WOODSTOCK - Plans for a food truck park on Market Street have been stalled as city planning commission members seek to learn more about a business model that's never been done before in Woodstock.
Anita and Ken Corsini, the couple behind Red Barn Homes and the stars of HGTV's reality show "Flip or Flop Atlanta," are also the owners of a half-acre lot at the corner of Market Street and Dupree Road. They've proposed to develop the property, currently zoned for medium density residential use, into a food truck lot with a maximum of six trucks at a time, rotating throughout the year.
The plan also includes a barn-like building to house a walk-up bar as well as restrooms. It calls for a mostly gravel lot with some paved areas near parking, around the food trucks and at the building. A total of 15 parking spaces are drawn on renderings of the site, with plans to use two on-street spaces.
In a separate request, the applicants ask that the downtown entertainment district extend down Market Street to their property.
They are requesting at least 10 variances, including having a parking lot in front of the building, the lot made of gravel, and glass garage doors proposed for the building facade.
The Corsinis first publicly presented their request for a rezoning to downtown central business district to planning commissioners Thursday, facing opposition by neighbors immediately around the intersection.
Anita Corsini said they hope to create a gathering place for people of different walks of life.
"There’s not a lot of quick food options in downtown Woodstock. I want to be able to get something to eat and walk with it. To be able to get something quick and easy would be an added value, and something new and different that’s not readily available at this point," she said. "I think food tucks offer variety and the unexpected, and people like that."
Two of the half dozen public speakers opposed to the project lived in homes next to the property. Some expressed concerns about the barn facility's maintenance, parking and the gravel lot. Others cited bad experiences with food truck parks in the Atlanta area. Two of the public speakers against the park were downtown Woodstock business owners: Randy Altmann of the Copper Coin and Cliff Crider, a co-founder of Truck & Tap.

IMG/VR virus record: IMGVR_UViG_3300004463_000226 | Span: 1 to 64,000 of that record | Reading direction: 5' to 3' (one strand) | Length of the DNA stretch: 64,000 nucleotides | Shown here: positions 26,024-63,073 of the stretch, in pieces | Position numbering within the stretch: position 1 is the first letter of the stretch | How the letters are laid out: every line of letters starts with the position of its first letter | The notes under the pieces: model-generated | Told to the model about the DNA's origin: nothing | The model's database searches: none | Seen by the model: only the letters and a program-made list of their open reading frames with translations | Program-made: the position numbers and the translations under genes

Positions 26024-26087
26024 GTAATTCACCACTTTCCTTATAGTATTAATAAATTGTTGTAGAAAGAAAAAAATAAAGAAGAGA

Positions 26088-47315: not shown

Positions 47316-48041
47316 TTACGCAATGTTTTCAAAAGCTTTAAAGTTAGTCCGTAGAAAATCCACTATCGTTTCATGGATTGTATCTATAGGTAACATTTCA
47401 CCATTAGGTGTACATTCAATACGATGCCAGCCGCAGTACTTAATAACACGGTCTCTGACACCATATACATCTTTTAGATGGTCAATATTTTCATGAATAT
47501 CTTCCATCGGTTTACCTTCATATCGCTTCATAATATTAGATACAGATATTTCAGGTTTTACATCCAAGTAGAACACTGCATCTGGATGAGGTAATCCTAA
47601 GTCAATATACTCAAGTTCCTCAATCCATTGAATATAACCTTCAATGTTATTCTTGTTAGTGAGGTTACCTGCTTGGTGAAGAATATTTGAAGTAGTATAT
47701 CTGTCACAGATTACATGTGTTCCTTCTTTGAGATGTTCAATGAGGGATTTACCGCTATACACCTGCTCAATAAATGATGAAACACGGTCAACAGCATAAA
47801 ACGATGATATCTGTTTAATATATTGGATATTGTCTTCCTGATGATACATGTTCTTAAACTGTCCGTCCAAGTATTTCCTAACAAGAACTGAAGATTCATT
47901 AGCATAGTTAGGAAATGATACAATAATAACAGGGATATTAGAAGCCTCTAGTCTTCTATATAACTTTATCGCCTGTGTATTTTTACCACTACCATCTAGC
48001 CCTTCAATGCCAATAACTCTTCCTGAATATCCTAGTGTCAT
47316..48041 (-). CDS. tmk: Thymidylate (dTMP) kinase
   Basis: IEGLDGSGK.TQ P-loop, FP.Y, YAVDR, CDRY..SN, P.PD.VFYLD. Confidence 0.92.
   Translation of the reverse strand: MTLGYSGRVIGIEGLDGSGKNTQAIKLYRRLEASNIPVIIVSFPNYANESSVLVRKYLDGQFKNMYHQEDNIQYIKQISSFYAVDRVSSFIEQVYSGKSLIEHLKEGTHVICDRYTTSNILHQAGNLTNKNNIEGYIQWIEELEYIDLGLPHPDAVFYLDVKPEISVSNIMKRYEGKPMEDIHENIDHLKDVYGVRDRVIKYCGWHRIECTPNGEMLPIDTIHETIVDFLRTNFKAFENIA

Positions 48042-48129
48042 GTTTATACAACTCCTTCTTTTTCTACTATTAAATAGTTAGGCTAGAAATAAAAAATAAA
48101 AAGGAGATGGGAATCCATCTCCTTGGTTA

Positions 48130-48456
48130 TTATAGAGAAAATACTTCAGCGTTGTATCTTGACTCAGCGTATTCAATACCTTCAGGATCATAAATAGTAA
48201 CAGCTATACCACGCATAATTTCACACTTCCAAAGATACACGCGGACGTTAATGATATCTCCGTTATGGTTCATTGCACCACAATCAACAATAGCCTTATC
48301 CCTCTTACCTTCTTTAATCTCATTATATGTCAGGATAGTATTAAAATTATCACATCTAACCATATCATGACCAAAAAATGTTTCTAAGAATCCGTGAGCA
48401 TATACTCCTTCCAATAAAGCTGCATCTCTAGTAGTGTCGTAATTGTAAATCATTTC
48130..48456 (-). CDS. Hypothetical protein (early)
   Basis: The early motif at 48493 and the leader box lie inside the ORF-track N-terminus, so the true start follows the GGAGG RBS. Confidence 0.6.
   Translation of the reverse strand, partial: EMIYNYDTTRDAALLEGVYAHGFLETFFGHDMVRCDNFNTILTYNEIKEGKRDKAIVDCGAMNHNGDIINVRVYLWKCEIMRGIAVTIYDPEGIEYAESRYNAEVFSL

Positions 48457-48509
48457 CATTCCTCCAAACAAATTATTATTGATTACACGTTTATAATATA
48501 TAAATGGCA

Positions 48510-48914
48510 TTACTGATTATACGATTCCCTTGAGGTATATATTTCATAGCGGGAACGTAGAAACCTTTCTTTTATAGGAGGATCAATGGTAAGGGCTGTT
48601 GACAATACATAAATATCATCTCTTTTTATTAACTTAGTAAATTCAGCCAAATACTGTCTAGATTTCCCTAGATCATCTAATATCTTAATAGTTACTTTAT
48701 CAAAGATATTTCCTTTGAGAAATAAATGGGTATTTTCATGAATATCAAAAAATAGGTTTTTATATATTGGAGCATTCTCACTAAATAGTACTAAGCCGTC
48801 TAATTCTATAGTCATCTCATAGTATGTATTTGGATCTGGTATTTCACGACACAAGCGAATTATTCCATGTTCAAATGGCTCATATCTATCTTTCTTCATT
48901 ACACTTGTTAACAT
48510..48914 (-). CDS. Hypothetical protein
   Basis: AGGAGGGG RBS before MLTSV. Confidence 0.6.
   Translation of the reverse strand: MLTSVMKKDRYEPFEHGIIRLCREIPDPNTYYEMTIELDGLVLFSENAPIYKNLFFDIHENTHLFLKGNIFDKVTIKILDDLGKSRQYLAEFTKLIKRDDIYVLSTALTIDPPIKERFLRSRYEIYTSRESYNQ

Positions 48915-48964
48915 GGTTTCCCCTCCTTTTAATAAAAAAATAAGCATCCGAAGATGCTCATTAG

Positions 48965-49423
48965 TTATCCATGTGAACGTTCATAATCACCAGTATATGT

Parking was an issue for all of the speakers.
"Nights, especially weekends, there are no parking spaces for residents to come in and park," said Don Bell, who lives near the site of the proposed food truck park.
Commissioner Robert Tidwell said that while he was "intrigued" by the idea, the commissioners didn't have enough information to make a decision on the case, citing questions about foot and car traffic to a potential food truck park, and the effects of that traffic on the downtown area. Commissioner Renee Gable agreed. The commissioners voted unanimously to table the case.
"I think what you’re hearing tonight is not a huge objection to the concept, but there’s a lot of questions that are just not answered yet. It makes it very difficult to determine what the potential impacts are. So we can’t figure out is this a good thing or a bad thing for the community and balance that with your rights as a property owner, and that’s our central task. To put it into an analogy, the food truck needs to go back to to commissary and cook a little while, and then come back," said Planning Commission Chairman James Drinkard to the Corsinis. "Work on some of those answers and let’s come back and take a look at it, and then we can make a proper determination."